Study Reveals Junior Seau Suffered From CTE
Chicago, IL (Law Firm Newswire) February 22, 2013 – An NFL linebacker who committed suicide was suffering from brain damage.
Junior Seau, the NFL linebacker who committed suicide last year, had the same brain disease that Chicago Bears safety Dave Duerson suffered from, a new study has revealed. Both men shot themselves in the chest, with Duerson explicitly stating that it was so studies could be conducted on his brain.
A team of researchers studying Seau's brain found that he had chronic traumatic encephalopathy (CTE), probably the result of multiple blows to the head during his two-decade career in the National Football League. Several thousand former football players have filed lawsuits against the NFL, claiming that the league concealed the danger of brain injuries from them.
“This study adds to the evidence that the brain injuries suffered by NFL players are severe indeed,” said Chicago brain injury attorney Robert Briskman.
Seau's family requested that the National Institutes of Health examine Seau's brain tissue. CTE can only be diagnosed posthumously, as it does not show up on CT scans. Dr. Russell Lonser, the lead researcher, said that the findings from analysis of Seau's brain tissue were consistent with CTE.
Five neuropathologists participated in the study, arriving at their diagnosis by measuring the accumulation of a protein known as tau in the brain tissue. Three of the researchers were independent and were not informed of the identity of the person whose brain they were studying. According to the researchers, the distribution of tau found in Seau's brain tissue is unique to CTE.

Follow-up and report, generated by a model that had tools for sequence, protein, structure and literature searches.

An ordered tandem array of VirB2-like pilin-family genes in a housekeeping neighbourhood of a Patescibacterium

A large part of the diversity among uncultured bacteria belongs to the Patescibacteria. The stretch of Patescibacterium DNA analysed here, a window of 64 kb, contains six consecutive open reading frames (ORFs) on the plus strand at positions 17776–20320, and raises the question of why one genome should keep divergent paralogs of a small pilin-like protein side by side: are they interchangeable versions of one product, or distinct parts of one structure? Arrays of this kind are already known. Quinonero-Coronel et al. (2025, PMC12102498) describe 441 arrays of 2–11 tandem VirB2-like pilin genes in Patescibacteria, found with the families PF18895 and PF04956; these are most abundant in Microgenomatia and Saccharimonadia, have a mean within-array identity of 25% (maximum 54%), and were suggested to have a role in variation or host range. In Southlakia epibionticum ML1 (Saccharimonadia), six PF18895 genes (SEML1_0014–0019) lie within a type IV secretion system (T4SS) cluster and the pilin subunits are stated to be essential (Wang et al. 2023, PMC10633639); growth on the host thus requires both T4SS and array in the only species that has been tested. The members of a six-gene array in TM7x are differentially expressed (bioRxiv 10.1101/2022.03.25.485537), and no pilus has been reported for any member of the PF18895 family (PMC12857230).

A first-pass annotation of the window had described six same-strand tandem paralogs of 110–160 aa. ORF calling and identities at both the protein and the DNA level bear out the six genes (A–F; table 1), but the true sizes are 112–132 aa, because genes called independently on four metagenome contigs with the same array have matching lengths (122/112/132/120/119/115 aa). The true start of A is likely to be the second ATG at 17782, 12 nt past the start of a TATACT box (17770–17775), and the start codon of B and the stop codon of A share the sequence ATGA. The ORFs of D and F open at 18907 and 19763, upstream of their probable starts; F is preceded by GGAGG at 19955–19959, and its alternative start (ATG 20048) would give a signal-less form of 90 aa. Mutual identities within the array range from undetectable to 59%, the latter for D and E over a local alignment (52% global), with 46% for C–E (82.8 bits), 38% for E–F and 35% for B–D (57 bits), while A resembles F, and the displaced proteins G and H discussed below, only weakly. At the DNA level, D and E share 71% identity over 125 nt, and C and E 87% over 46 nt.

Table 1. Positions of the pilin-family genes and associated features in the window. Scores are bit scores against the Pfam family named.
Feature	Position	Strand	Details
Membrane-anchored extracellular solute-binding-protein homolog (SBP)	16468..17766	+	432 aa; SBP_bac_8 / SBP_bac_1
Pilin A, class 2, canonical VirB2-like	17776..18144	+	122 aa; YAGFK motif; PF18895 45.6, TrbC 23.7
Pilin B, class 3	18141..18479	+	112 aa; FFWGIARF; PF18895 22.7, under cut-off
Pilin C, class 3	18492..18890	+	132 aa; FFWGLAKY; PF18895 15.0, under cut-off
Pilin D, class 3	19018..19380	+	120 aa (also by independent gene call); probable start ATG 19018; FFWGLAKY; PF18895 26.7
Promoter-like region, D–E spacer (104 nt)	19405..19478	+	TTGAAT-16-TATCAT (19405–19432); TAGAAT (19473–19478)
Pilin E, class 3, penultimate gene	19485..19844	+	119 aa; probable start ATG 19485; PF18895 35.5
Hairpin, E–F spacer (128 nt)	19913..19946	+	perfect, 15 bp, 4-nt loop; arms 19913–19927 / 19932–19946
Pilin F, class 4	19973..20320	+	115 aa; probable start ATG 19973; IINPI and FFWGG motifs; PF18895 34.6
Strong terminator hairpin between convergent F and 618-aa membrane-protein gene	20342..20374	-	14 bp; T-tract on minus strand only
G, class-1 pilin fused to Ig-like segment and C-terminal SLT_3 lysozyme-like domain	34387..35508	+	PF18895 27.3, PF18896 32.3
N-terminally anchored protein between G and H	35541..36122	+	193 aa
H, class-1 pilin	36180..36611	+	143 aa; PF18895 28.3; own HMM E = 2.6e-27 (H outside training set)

CTE is associated with symptoms such as depression, forgetfulness, inability to organize and prioritize, and thoughts of suicide. Once known as boxer's dementia, CTE is caused by repeated blows to the head and is found most often in professional athletes and members of the armed forces. Researchers have found that repeated impacts to the brain affects blood vessels, decreasing the flow of blood within the brain. CTE also damages neurons in the brain, causing the neurons in the brains of CTE patients to resemble those of Alzheimer's patients.
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